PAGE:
Intensive Session Addresses Clinician Wellness and Battling Burnout
Major changes have been introduced to the health care system over the past decade. Some of those changes have withstood the test of time while others, such as the triple aim, have not fared as well. The triple aim has evolved into the quadruple aim to address the growing problem of physician burnout.
ACC's new Strategic Plan makes the quadruple aim, which will be highlighted during today's Clinician Wellness Intensive, a priority. The interactive session is the first of many ACC educational efforts to develop systems to combat burnout among health care providers and improve stressful cultures at institutions, according to the session co-chairs Dipti Itchhaporia, MD, FACC, and James L. Januzzi Jr., MD, FACC.
"The goal of the Intensive is to begin to foster a discussion that until recently we might not have done a good job of – that is, focusing on how we as caregivers can be acutely aware of our own vulnerabilities to stress and other demands put on us and how we might be able to help manage them. The ultimate goal is to do this with a greater focus on our own personal wellness," says Januzzi.
The Institute for Healthcare Improvement introduced the triple aim concept in 2007 to provide a framework for improved quality, patient satisfaction, better outcomes and reduced costs. The ACC and many major health care institutions made the triple aim part of their strategic plans, says Itchhaporia. However, the realities of the health care environment showed that administrative, regulatory and professional burdens were leading to growing clinician burnout.
"These realities were running counter to the goals of the triple aim and ultimately led to the call for a fourth aim addressing professional well-being," Itchhaporia explains. "Data show that burnout was associated with lower patient satisfaction, reduced outcomes and, probably, increased costs."
The Clinician Wellness Intensive I and II will take place today from 12:15 – 3:30 p.m. in Room 225.
Surveys report that almost half of U.S. physicians are experiencing burnout, with cardiology ranking second to nephrology among specialties affected by the problem. In response, College is taking steps to give members tools to reduce burnout at the personal and professional levels as well as tools they can share with their organizations.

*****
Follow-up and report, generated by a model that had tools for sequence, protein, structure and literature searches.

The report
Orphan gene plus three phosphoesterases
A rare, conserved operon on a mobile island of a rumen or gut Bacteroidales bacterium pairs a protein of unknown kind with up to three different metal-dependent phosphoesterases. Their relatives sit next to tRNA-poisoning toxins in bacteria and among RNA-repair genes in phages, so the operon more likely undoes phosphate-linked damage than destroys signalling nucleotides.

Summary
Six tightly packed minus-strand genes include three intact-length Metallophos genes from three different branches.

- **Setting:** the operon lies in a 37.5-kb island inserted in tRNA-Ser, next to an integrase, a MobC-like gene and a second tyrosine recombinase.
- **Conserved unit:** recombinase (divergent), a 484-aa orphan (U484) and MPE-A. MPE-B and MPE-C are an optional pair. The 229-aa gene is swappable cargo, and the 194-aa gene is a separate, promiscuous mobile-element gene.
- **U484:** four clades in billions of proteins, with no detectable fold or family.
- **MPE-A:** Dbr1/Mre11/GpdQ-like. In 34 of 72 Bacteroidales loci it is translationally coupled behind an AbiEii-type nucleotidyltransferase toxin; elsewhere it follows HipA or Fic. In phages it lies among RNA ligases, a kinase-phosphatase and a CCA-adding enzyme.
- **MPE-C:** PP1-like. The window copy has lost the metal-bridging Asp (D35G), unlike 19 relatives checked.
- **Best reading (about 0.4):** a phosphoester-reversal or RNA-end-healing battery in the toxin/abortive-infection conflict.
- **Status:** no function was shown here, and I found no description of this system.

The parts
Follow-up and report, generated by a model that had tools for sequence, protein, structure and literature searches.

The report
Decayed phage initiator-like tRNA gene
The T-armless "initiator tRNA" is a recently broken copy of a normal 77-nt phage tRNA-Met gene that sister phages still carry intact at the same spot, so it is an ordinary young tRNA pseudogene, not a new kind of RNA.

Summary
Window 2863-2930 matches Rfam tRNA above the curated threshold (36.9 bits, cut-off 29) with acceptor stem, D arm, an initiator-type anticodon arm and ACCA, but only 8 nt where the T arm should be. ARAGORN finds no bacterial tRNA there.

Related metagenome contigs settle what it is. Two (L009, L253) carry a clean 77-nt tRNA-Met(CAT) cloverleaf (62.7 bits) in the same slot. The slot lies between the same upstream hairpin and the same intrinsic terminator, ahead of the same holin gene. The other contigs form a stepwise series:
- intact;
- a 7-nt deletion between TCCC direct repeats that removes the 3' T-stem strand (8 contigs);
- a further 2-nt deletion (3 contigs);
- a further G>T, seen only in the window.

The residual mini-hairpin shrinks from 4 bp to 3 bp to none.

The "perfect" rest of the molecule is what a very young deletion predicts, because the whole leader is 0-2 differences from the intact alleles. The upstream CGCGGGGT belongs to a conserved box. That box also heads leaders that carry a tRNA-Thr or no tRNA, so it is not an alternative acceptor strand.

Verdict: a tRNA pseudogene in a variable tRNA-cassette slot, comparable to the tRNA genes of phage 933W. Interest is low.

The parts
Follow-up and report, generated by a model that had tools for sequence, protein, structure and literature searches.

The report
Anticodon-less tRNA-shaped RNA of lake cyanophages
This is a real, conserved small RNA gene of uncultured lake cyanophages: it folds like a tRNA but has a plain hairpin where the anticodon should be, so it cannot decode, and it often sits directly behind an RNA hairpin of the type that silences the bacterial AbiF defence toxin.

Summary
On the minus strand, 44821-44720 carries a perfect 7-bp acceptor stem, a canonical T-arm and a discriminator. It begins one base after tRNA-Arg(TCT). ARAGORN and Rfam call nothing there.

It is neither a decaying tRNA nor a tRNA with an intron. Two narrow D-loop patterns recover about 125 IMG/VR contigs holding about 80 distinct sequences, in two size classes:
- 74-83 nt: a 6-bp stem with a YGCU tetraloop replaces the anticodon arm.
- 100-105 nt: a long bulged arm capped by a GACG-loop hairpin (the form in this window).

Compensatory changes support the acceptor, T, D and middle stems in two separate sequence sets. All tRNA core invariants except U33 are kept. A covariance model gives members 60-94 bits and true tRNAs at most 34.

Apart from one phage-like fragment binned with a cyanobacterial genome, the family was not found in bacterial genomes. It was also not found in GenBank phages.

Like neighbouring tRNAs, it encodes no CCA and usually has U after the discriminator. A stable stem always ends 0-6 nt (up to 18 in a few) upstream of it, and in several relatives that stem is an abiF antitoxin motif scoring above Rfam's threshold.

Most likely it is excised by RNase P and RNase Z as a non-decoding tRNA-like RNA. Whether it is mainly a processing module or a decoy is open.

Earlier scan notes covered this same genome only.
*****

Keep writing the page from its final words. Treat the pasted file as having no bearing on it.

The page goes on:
"In today's Intensive, we are really hoping for an interactive experience with the audience participating, sending questions and coming away with an individualized plan for their own wellness as well as the environment they work in," says Januzzi. "Understanding how to recognize when signs of burnout are developing and how to mitigate them is going to be important."
Speakers will discuss how to develop approaches to wellness, including meditation and the relaxation response to meditation.
"There are many other ways of approaching this," Januzzi says. "There are some who argue that the zone people get into when exercising is a form of meditation. Understanding how to achieve that relaxation response and how it may vary from one person to another is part of the discussion. It may come from simple exercise, or from a repetitive behavior that helps one to stay centered, or it may come from a traditional form of meditation that many of us practice."
Itchhaporia agrees, adding, "We want people to people to know they are not alone. There are a lot of resources out there to help."
Keywords: ACC Publications, ACC Scientific Session Newspaper, ACC Annual Scientific Session, ACC19, Burnout, Professional, Meditation, Goals, Caregivers, Patient Satisfaction, Nephrology, Physicians, Personal Satisfaction, Exercise, Running
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